The Real Deal New York

NYC’s deadliest fire in decades kills at least 12 in the Bronx

Over 160 firefighters battle blaze at 2363 Prospect Ave.
December 28, 2017 10:43PM

A massive fire ripped through a building at 2363 Prospect Ave. Dec. 28 (Credit: FDNY)

UPDATED, 11:11 a.m., Friday, Dec. 29: At least 12 people were killed when a fire raged through a rental building in Bronx’s Belmont neighborhood, according to Mayor Bill de Blasio. It was the deadliest fire in New York in decades.

More than 160 firefighters were on the scene at 2363 Prospect Avenue, a five-story, 26-unit building constructed in 1916 and owned by D&A Equities. De Blasio said that in addition to the dead, at least four people were critically injured, and two more suffered non-critical injuries. The youngest victim was a 1-year-old, while the oldest was more than 50 years old, according to the New York Times. Firefighters arrived in time to rescue 12 people.

Howard Alkoff’s D & A Equities bought the five-story building from the city in 1984, and there is no indication that any construction work has been done at the building since.

“We are shocked and saddened at the loss of life and injuries which occurred,” said Ronn Torossian, a spokesperson for the landlord. “Our prayers and thoughts are with the families that were affected.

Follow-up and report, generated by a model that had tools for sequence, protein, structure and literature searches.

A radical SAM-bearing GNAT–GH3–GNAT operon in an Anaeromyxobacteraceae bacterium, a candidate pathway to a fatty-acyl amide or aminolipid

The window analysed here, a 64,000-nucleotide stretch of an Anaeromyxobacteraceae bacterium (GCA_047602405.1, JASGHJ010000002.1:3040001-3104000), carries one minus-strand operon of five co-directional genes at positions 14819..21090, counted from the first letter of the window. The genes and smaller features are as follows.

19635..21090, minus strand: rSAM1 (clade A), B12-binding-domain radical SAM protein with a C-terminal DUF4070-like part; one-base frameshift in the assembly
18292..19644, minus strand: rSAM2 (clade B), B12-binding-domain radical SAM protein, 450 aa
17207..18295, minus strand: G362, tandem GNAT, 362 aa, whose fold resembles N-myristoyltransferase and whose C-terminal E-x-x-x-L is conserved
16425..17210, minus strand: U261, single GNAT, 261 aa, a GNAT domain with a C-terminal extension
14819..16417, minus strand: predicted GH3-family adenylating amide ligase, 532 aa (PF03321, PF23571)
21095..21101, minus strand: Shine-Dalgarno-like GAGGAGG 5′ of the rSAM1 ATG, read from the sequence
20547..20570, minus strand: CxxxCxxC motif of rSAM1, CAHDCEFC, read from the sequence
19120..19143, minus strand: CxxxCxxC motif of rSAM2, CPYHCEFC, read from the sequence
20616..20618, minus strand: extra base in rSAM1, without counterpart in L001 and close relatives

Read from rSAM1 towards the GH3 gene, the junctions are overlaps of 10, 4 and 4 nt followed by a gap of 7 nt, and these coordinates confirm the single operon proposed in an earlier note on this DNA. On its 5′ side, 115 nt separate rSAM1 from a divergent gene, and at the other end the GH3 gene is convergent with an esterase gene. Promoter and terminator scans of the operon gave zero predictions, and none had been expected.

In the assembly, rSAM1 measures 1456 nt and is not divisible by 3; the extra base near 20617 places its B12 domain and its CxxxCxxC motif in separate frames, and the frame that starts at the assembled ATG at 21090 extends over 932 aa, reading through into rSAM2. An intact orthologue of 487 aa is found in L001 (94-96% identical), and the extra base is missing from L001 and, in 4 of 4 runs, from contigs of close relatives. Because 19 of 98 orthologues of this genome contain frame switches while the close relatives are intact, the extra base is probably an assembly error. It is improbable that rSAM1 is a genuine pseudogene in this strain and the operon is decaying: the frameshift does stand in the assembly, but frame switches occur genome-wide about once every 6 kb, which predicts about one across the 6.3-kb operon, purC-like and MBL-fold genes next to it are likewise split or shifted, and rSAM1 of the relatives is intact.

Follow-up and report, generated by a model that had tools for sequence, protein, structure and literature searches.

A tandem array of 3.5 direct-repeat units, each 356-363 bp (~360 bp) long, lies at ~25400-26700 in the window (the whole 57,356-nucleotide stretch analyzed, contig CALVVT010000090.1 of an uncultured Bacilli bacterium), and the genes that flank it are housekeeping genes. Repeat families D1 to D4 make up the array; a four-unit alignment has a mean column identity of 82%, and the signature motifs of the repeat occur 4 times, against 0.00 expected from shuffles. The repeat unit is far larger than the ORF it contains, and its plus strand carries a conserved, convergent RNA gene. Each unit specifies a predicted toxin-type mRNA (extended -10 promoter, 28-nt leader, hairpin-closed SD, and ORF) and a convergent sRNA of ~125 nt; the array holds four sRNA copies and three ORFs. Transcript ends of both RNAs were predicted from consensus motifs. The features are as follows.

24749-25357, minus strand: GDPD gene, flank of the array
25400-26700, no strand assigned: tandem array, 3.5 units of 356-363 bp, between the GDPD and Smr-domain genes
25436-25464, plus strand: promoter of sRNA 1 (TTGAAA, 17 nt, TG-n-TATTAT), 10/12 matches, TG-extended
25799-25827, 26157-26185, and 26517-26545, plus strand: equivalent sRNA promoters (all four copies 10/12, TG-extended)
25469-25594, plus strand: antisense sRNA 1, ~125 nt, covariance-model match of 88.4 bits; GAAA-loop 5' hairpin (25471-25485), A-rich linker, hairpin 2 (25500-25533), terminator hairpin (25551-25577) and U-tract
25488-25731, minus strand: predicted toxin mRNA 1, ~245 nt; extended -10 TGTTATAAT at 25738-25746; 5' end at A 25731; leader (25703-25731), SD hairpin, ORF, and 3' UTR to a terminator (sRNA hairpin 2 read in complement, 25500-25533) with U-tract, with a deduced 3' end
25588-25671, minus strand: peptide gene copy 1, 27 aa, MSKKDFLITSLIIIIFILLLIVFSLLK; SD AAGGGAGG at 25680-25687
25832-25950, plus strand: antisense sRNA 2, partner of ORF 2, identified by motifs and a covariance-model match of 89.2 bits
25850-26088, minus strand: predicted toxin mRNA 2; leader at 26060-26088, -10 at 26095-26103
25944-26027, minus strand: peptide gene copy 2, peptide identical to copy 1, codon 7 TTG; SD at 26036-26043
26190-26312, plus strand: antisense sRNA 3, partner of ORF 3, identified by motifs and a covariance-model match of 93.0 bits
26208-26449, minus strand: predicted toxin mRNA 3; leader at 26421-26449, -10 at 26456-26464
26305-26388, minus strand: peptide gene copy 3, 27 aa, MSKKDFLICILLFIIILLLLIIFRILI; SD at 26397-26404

The landlord is communicating with the City of New York and associated agencies.”

There were three violations and four complaints regarding the building between the years 1993 and 2012, all of which had been resolved. However, on the first floor where the fire started, one apartment had open violations for faulty carbon monoxide and smoke detectors, according to the New York Daily News.

Alkoff also owns the neighboring 95-unit building at 2357 Prospect Avenue.

The fire was sparked by a young child in a first-floor apartment playing with a stove, according to de Blasio.

Officials said they would set up a center at Grace H. Dodge vocational high school near the building for people in need of a place to stay or additional services and encouraged people looking for relatives in the building to call 311 or go to the school. — Chava Gourarie and Eddie Small